MiniPC Surgery Makes It 50% Cooler

Mini PC with the mod described, a large tower fan sticking out of a hole in the top cover

[G3R] writes to us about a mod they did on a HP ProDesk/EliteDesk 400 G3 miniPC they use as a home emulation center. The miniPC would overheat as soon as the CPU load increased, resulting in frame drops and stutters, as well as throttling CPU. [G3R] took the original cooling solution, threw out half of it and modified the remaining half to accept a tower CPU cooler.

The modification is invasive in all the right ways. [G3R] shows how to de-fin the current heatsink and smooth it over with a… welder? Our guess is that the heatsink fins were soldered to the heatsink base, and in that case, a heat gun should also work. Afterwards, you’re supposed to cut a hole in the upper case, then re-wire the fan connections, and create custom brackets to attach the tower fan – [G3R] explains how to do it all and what to watch out for.

The results are fascinating. After performing the mod, both idle and under-load temps got cut down by 50%! Idle temps went from 50 to 25 °C, and under-load temps dropped from 79 to 40 °C – surely, with way less throttling involved. Not only this lets [G3R] play Breath Of The Wild without hiccups, it also certainly improves overall lifespan of the mini-PC, despite the intervention being mechanically harsh.

Making our devices, quite literally, cooler is a venerable tradition of hackers. Just a few weeks ago, we covered a simple 3D printable LGA 1700 CPU bracket which can gain you some much-desired thermal contact. Sometimes we encounter proprietary and weird cooling fans that fail, and then we understand their workings and build a substitute. And, even if your GPU was never meant to have a fan, you can add one anyway!

22 thoughts on “MiniPC Surgery Makes It 50% Cooler

  1. Is 50% cooler the same as half as hot? I mean “cold” isn’t actually a thing. 50% of room temperature or boiling water is rather dramatic. From boiling water that is -87C and from room temperature it is -126C.

    1. Clearly you all have a point when it comes to temperature in general, but an IC safe operating temperature is typically between 0 and 100 C in my experience. Processors hotter than 100 are going to start experiencing problems, and getting them colder than 0 is a challenge. Most life exists in water’s liquid range which also happens to be 0-100C. You’re all definitely correct, but I’m pretty sure everyone understood the point anyway.

  2. beware of using percentages when working with non absolute temperature scales. Going from 50 °C to 25 °C is nowhere a drop of 50 % except if you only consider the numerical value. If you look at the absolute temperature than its closer to a 8 % drop. Most meaningful would be an approach in comparing the drop to the ambient temperature. If we consider this to by 20 °C (only my guess, not given in the article) than the difference drops from 50 – 20 = 30 °C to 25 – 20 = 5 °C… and that’s a factor of 6 … even more impressive than 50 %.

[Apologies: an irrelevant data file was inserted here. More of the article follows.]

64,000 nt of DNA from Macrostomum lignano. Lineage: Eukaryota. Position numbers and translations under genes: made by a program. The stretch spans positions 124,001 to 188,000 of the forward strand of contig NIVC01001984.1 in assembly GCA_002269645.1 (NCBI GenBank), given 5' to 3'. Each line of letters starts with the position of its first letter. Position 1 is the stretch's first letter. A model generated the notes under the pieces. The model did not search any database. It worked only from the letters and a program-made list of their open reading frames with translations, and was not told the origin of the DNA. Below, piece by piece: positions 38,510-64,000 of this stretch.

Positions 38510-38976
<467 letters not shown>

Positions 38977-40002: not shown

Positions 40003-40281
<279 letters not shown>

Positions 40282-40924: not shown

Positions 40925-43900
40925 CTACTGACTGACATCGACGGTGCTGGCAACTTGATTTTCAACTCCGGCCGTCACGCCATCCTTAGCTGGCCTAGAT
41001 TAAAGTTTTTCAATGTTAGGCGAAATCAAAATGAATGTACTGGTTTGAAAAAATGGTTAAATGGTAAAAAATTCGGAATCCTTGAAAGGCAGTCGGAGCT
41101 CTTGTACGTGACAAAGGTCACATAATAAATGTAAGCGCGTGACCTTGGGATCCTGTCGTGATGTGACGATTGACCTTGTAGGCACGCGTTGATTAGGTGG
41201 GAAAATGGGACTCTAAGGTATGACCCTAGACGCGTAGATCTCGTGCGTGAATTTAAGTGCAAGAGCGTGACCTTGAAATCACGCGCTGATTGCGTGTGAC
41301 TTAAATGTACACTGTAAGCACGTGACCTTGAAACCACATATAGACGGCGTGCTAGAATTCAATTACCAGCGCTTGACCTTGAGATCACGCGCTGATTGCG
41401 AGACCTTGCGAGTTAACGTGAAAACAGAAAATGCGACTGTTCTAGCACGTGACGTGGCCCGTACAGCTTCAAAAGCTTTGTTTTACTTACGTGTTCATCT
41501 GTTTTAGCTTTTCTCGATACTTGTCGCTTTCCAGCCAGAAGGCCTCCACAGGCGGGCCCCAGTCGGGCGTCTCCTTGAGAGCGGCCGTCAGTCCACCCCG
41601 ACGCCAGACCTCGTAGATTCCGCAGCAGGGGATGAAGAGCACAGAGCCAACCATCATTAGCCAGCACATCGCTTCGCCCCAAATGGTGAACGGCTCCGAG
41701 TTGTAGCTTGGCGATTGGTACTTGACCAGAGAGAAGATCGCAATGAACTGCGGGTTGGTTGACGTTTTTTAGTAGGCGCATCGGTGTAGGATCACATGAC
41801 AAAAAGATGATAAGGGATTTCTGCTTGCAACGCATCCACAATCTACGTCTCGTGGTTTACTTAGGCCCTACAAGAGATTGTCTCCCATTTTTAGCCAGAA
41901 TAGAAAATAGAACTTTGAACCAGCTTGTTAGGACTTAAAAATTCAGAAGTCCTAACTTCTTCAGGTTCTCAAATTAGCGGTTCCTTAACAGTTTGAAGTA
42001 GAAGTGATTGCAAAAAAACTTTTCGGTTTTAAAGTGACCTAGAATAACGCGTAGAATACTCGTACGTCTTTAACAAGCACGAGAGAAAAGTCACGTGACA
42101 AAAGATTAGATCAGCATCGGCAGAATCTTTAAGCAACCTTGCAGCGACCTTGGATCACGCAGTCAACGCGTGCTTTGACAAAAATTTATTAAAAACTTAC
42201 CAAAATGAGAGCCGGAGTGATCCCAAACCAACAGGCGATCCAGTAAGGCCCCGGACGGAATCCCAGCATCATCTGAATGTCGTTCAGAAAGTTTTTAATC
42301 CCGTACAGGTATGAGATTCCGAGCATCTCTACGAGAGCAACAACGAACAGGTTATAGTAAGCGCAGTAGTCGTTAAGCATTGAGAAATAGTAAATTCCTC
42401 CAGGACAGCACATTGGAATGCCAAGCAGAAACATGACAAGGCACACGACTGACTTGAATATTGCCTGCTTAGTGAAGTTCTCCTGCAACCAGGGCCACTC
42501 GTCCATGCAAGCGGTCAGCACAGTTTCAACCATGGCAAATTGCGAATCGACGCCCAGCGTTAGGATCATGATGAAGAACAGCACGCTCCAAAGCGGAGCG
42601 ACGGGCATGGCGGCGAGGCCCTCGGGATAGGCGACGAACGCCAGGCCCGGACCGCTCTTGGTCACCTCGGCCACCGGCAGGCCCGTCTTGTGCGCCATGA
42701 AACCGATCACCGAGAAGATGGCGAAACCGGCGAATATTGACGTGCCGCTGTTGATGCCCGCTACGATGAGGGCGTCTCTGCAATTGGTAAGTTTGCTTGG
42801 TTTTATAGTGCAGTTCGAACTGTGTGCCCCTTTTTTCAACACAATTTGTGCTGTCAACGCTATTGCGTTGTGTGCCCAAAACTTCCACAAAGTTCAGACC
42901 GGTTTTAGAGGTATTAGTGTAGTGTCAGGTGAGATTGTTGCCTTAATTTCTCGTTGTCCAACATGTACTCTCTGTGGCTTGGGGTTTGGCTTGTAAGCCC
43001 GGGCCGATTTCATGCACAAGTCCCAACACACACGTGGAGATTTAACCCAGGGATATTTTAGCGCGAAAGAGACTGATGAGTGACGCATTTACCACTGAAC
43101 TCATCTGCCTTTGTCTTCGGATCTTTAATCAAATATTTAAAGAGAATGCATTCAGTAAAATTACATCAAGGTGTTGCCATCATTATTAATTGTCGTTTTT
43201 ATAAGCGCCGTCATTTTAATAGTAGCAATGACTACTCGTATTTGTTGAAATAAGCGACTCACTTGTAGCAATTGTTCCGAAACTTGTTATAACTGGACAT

Sorry for my nitpicking…

    Great build! The new cooler looks way more decorative than the black box alone. Better cooling will give you also a longer lifetime of the system.

    1. That isn’t nitpicking to be fair.

      Measuring thermal performance in % is an easy way to make huge mistakes.

      The most correct way to measure heat sink performance is in comparison to ambient temperature. Since a heatsink only reduces the delta between whatever is generating heat and the ambient around it.

      (however, the ambient temperature still needs to be considered since thermal conductance of various systems varies with operating temperature. Copper for an example is 413 W/mK at -73 C while 401 W/mK at 0 C, and 392 at 127 C. This is flat enough to not matter for PC cooling. A heatpipe however can have very little thermal conductivity at -73 C since the liquid inside is just frozen, while at 150 C it might all be steam, both of these extremes don’t offer the benefit of phase change cooling that heat pipes relies on. (now, there is many different heatpipes in the world with wildly varying specs, so for exotic applications there is likewise exotic heatpipes.))